Sensitivity of Convective Cloud Growth to Mesoscale Lifting: A Numerical Analysis of Mesoscale Convective Triggering

David A. Matthews Office of Atmospheric Resources Management, Water and Power Resources Service, Denver, CO 80225

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Bernard A. Silverman Office of Atmospheric Resources Management, Water and Power Resources Service, Denver, CO 80225

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Abstract

Numerical model simulation of mesoscale lifting of the convective environment indicates that the ability of the environment to develop deep moist convection increases as mesoscale lifting increases. Mesoscale lifting produces increases in modeled cloud development (cloud depth, cloud-top height, number of clouds, etc.) in most of the samples of 232 summer soundings observed in the High Plains as part of HIPLEX (High Plains Cooperative Program). These increases were statistically significant at the P = 0.001 level in most cases. The effect of lifting was found to vary geographically from north to south over the High plains.

On days when convective cloud lines and clusters were observed in satellite imagery, model simulations produced deep convection only when mesoscale released the conditional instability. On days when isolated convective clouds or clear skies prevailed, model simulations produced less intense convective development; however, lifting was often required to supplement surface heating to produce clouds on these days. These results suggest that the model may be used to determine a convective potential index of the effects of lifting on cloud development, provided there is a means for determining the magnitude of mesoscale velocities.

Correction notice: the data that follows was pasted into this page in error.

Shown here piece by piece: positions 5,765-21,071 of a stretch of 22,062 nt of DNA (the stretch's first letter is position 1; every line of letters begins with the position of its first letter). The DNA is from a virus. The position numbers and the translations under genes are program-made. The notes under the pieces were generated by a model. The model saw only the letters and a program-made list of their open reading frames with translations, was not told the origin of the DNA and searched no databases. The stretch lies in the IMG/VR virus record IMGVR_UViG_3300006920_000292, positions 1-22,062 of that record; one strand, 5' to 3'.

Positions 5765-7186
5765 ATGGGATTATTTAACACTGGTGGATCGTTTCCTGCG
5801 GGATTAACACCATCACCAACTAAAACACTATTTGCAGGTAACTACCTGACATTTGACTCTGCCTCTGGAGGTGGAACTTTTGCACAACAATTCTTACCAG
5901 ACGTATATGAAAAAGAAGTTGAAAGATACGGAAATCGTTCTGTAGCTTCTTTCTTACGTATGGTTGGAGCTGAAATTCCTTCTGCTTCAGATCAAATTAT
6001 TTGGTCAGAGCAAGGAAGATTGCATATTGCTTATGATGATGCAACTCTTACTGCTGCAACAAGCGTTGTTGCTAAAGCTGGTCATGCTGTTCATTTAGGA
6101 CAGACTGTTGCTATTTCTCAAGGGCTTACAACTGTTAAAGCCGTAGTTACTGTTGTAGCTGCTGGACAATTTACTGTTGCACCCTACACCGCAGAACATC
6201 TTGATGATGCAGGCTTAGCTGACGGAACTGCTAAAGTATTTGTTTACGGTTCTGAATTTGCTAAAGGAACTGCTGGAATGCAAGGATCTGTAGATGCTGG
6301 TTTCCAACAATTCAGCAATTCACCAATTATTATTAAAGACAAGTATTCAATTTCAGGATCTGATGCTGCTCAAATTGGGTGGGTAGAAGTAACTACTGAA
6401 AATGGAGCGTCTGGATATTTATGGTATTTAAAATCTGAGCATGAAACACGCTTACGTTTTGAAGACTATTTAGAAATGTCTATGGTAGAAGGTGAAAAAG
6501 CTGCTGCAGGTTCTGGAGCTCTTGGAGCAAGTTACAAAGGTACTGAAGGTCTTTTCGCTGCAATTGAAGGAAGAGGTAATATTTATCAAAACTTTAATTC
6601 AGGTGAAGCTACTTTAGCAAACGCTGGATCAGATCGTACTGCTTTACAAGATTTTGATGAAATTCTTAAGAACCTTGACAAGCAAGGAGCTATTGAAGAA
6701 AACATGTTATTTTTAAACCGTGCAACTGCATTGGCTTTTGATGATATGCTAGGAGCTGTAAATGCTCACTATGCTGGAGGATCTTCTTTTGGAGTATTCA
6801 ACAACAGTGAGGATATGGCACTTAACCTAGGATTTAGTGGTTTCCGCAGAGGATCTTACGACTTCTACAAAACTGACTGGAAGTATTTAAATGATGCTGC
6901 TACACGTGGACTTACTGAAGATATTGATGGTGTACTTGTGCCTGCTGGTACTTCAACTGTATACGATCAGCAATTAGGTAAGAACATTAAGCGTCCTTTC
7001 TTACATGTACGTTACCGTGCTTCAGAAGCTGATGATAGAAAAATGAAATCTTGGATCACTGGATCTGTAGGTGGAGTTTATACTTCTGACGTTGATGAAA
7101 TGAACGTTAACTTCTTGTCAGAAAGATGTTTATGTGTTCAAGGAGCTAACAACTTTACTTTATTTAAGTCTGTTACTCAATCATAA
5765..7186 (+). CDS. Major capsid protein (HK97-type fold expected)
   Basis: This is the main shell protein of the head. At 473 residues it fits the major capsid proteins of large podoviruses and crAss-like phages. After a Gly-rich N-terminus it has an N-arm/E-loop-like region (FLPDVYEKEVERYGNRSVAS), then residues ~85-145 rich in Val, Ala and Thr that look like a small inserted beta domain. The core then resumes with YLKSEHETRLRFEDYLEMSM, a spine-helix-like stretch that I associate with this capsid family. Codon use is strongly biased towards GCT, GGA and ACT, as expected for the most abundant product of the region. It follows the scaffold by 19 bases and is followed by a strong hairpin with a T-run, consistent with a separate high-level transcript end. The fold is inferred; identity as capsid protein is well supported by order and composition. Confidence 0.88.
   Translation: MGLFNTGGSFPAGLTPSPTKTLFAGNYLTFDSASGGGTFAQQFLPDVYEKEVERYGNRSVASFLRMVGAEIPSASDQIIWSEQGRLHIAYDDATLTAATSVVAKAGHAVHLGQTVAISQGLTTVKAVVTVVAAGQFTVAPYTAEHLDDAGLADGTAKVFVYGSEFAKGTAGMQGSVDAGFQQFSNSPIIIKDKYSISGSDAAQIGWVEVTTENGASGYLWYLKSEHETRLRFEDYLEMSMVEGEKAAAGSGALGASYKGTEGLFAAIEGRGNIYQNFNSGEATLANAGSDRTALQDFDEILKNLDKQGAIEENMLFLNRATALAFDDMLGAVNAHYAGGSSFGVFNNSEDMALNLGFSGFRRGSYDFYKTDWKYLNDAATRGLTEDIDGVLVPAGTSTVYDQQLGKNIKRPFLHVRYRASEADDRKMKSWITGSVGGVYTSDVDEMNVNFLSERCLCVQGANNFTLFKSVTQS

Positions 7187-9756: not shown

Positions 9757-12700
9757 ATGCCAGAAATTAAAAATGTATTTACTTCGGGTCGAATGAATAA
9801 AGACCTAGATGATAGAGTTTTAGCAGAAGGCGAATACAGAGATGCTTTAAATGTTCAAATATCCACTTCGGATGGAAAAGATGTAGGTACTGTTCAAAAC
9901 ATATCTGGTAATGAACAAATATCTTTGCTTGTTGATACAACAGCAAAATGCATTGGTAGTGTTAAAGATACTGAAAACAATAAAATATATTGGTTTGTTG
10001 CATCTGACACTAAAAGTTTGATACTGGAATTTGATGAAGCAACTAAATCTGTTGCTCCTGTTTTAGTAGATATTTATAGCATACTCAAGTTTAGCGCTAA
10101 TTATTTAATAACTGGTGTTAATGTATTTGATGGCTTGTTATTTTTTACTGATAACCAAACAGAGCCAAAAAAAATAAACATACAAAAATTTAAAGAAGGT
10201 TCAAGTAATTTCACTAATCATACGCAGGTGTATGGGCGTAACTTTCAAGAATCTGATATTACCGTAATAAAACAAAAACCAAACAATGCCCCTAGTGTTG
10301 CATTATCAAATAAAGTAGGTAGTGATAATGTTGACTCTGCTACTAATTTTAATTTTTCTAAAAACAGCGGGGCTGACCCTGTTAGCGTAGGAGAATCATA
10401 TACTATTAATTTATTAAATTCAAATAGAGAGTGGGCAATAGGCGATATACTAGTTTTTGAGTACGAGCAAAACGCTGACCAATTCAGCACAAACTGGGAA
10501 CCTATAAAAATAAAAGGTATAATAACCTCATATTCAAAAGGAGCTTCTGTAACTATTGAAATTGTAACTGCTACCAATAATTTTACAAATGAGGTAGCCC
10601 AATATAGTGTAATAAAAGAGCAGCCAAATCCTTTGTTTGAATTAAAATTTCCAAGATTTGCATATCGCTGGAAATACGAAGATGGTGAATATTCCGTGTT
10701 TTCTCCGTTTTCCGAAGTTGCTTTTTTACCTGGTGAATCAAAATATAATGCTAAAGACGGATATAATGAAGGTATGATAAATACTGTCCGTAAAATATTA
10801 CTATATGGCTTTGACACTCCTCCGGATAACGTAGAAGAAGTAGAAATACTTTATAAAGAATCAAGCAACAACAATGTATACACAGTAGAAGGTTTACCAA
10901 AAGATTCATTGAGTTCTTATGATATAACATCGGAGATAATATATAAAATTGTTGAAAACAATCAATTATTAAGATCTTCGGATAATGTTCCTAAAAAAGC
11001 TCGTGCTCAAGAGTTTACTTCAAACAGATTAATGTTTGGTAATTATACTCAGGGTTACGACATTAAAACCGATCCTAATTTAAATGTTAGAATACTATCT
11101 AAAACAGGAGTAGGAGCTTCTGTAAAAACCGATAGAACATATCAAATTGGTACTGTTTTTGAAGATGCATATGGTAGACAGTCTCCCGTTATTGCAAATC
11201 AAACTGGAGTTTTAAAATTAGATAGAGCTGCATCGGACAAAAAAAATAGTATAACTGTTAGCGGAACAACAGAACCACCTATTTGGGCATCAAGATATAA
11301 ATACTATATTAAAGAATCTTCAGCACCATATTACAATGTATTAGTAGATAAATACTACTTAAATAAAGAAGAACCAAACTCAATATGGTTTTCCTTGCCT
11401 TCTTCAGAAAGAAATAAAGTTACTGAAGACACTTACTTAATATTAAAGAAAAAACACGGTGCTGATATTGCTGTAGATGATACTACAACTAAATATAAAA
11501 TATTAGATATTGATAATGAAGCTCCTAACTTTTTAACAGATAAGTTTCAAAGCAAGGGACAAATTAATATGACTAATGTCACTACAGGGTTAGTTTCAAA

Abstract

Numerical model simulation of mesoscale lifting of the convective environment indicates that the ability of the environment to develop deep moist convection increases as mesoscale lifting increases. Mesoscale lifting produces increases in modeled cloud development (cloud depth, cloud-top height, number of clouds, etc.) in most of the samples of 232 summer soundings observed in the High Plains as part of HIPLEX (High Plains Cooperative Program). These increases were statistically significant at the P = 0.001 level in most cases. The effect of lifting was found to vary geographically from north to south over the High plains.

On days when convective cloud lines and clusters were observed in satellite imagery, model simulations produced deep convection only when mesoscale released the conditional instability. On days when isolated convective clouds or clear skies prevailed, model simulations produced less intense convective development; however, lifting was often required to supplement surface heating to produce clouds on these days. These results suggest that the model may be used to determine a convective potential index of the effects of lifting on cloud development, provided there is a means for determining the magnitude of mesoscale velocities.

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